The decision had not yet been finalized in July, when Army Times reported that officials were mulling an end to the three-week program, which teaches troops to establish parachute drop zones using beacons and visual cues, as well as how to run helicopter sling-loads.
The closure concerned some Pathfinders who argued that the skills are still fundamental to the success of airborne operations, especially those performed in austere locations where U.S. troops have not yet ventured.
“There won’t be immediate issues, but you know, two, three or 10 years from now they’ll start running out of Pathfinder-qualified guys,” one Pathfinder instructor, who was not authorized to speak publicly, said. “It just baffles me that they say its non-essential. ... Jungle Warfare School is essential but Pathfinder School isn’t?”
Army Training and Doctrine Command decided to shutter other courses, as well. But Pathfinder is the only badge-producing one being eliminated, according to TRADOC spokesman Col. Rich McNorton.
“The majority of the other courses are technical and administrative where the skills that are still in demand are or will be subsumed into other programs of instruction,” McNorton said in a statement. "The priority list of functional training courses is being adjusted based on budget constraints and the Army’s focus on large scale combat operations and creating a multi-domain operations capable force.”
There is currently a working list of roughly 30 courses being discontinued, said Lt. Col. Jeremy Passut, another TRADOC official.
“Although the courses on this list will no longer be available, blocks of training within these courses could possibly be transferred to other courses currently being taught," Passut added. "Pathfinder has portions of training similar to what is already being taught at schools such as Air Assault.”
The 101st Airborne Division at Fort Campbell runs the Sabalauski Air Assault School, which does train Pathfinders. But the Fort Benning location has long been the proponent for all Pathfinder training, influencing the field manual and serving as the primary training team for paratroopers across the force, one Pathfinder instructor said.
The Pathfinder School also sent instructors out to different installations because the skill is in high demand among units that parachute regularly. Paratroopers from Alaska-based 25th Infantry Division units and the North Carolina-based 82nd Airborne Division were the school’s biggest customers.
No decisions have been made yet, an Army Training and Doctrine Command official said.
“One of the things they’re talking about doing right now is leaving it to units to run their own DZSO [Drop Zone Safety Officer] certification, so Fort Bragg can have Pathfinders or jumpmasters just run their own DZSO course," the Pathfinder instructor said. But then "you’re just taking continuity out of the loop by letting units do their own thing.”
Pathfinders have historically played a fundamental role in selecting and curating assault zones ahead of a larger assault force.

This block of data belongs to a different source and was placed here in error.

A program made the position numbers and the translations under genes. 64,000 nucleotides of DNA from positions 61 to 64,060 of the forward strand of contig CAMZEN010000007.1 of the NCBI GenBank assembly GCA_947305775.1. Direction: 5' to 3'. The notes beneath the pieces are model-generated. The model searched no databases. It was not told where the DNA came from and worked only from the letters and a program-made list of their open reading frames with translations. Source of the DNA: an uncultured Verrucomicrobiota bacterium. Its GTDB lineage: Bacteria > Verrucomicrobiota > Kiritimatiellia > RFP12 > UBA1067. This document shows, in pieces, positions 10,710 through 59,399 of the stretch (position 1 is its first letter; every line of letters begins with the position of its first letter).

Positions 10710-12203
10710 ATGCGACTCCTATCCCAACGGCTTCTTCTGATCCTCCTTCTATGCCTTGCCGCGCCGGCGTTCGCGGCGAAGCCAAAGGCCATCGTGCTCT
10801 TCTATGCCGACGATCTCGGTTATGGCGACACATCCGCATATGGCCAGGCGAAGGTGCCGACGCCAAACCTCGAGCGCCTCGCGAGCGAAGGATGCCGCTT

The job originated during World War II out of a need to mark drop zones and guide aircraft prior to massive parachute jumps, ensuring all soldiers landed in close proximity. Technology has changed, but the skills remain relevant, and are even still taught to sister-service units, like Air Force special tactics squadrons.
“You’re going to need guys who have these skill sets to say ‘you can land a helicopter here or you can’t’ and ‘this DZ is suitable or it’s not,’” one Pathfinder told Army Times previously. “A satellite isn’t going to be able to tell you there’s three feet of mud on the ground. It may not be for the D-Day invasion, but it could be for resupply drops in a degraded environment where they can’t rely on GPS, so they need a Pathfinder on the ground.”
Running drop zones at military ranges is a fairly routine undertaking. The drop zone’s dimensions, elevation, run-in headings and release points are known, and regularly practiced, by pilots and jumpers.
But new drop zones in unfamiliar terrain require troops who can navigate into foreign territory, plot coordinates, measure angles, direct air traffic and remove obstacles with explosives before the main air assault force is brought in.
If anything, the training should be modernized more, teaching soldiers how to disguise beacon signals, defeat GPS spoofing and set up landing strips, according to one Pathfinder.
It’s difficult to say how many Pathfinders currently exist across the Army, since the service shuttered its final company officially charged with the mission in 2017. Conducting a simple count of how many qualified soldiers are in the force can be misleading, though.
“People go to Pathfinder when they need it, usually as a junior NCO or officer,” a Pathfinder explained previously. “They then get promoted to the senior ranks and no longer sit in those coded positions, yet still have the Additional Skill Identifier.”